Project the future needs of the company based on achievable growth plans – resources, facilities, and the associated costs.

Identify and quantify financing needs to achieve the business plan – both short term and long term.

Develop relationships with financing sources – debt and equity – that are important to the company’s ability to operate and grow today, as well as to support long term growth and development.

Evaluate and make recommendations regarding the strength of the existing accounting staff.

Evaluate and make recommendations on accounting and information systems.

Oversee the preparation of financial statements, ensuring that the best professionals are chosen to provide auditing, tax and other outside services.

Lead the preparation of operating budgets to keep the company on track to achieve its short term goals.

Introduce the management disciplines and internal control structure necessary for the next level of growth.

Advise on the most appropriate methods and rates of growth – including acquisitions.

Conduct due diligence on acquisitions, and satisfy due diligence requirements of investors and lenders.

Lead programs and efforts to contain and reduce costs while still fostering growth.

Strategize on potential exit strategies – sale of the business for example – and help attract investors and buyers.

What to Look For

The more experience a CFO brings to the table, the more widely that experience is likely to vary among the candidates you speak with. All the more reason to have an idea of the qualities that are most important to you and your business. Here are a few thoughts:

Do you feel comfortable talking to the CFO? We all work better with people we like and trust.

Does the CFO seem to find your business interesting? Of course you find it interesting, but you can’t just assume that others do too.

Is a CPA important? Yes, it probably is. It demonstrates a minimum intellectual standard and level of accounting knowledge, and like the top business schools, the top accounting firms tend (with clear exceptions) to attract the best talent.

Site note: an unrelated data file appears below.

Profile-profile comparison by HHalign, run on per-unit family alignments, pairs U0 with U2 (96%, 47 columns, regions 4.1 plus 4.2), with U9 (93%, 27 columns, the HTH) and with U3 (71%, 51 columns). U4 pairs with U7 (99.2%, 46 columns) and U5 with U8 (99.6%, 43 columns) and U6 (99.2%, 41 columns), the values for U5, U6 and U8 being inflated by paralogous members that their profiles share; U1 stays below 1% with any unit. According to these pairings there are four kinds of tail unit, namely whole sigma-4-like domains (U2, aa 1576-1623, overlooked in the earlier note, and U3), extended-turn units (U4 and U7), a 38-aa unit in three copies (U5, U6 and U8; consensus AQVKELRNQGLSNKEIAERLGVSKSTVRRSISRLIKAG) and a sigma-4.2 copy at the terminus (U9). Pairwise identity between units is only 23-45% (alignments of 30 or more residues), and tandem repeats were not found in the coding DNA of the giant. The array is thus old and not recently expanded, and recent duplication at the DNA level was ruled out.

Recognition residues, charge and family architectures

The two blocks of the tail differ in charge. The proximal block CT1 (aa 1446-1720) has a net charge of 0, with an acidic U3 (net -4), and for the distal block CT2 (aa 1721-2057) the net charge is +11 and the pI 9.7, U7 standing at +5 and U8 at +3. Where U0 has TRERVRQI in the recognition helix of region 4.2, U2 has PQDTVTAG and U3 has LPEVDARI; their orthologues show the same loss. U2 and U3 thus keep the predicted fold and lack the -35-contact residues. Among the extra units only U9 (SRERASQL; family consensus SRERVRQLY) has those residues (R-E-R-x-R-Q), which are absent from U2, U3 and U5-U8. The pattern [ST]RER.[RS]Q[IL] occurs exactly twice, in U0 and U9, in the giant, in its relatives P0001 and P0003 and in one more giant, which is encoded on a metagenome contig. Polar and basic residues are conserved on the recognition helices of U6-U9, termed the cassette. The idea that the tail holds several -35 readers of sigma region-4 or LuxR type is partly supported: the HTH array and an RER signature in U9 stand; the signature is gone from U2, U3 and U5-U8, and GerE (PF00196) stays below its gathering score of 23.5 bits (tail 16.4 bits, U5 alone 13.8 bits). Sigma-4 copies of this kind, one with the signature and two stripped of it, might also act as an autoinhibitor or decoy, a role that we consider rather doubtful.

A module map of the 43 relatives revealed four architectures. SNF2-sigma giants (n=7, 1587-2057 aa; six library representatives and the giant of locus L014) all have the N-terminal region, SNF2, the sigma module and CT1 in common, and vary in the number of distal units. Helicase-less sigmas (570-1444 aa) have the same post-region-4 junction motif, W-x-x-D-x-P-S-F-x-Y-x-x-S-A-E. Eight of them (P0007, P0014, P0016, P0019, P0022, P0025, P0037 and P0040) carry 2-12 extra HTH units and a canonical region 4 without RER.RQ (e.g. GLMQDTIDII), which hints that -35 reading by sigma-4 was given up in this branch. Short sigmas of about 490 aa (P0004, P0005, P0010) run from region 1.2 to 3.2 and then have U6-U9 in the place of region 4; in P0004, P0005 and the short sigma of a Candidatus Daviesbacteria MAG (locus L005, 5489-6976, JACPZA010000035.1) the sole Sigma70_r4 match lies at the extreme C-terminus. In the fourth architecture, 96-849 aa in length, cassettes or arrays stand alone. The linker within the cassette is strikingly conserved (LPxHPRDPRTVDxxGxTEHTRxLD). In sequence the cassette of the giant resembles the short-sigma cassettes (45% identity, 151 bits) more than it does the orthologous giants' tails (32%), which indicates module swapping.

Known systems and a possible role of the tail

Does the CFO have a wide variety of experience in which he or she had to show resourcefulness and flexibility, as well as the willingness to learn on the job? How has he or she performed in situations similar to those likely to arise in your company? References come in handy here.

Has the CFO worked with companies similar in size to yours? I can tell you that working for a Fortune 100 company is very different from the environment of an owner-operated entrepreneurial venture. If you are planning to grow rapidly, does the CFO have rapid growth experience?

How about industry experience? Unless you are in a wildly specialized business like banking or insurance, industry experience is probably not critical. CFOs and CPAs are famous for their transferrable skills, and should be expected to learn your business quickly. On the other hand, some businesses like real estate have a steep learning curve, and some prior experience can make a big difference.

Why would a CFO want a part-time position? If this is a temporary move while he or she is looking for a full-time job, it doesn’t have much long-term potential. On the other hand, there are plenty of financial executives who like the flexibility of a part-time situation, and who enjoy working with a variety of interesting clients, each with its own challenges and rewards.

As the company grows in size and complexity, would the CFO potentially be interested in turning a part-time arrangement into a full-time position?

Do you know who to call to discuss hiring a part-time CFO?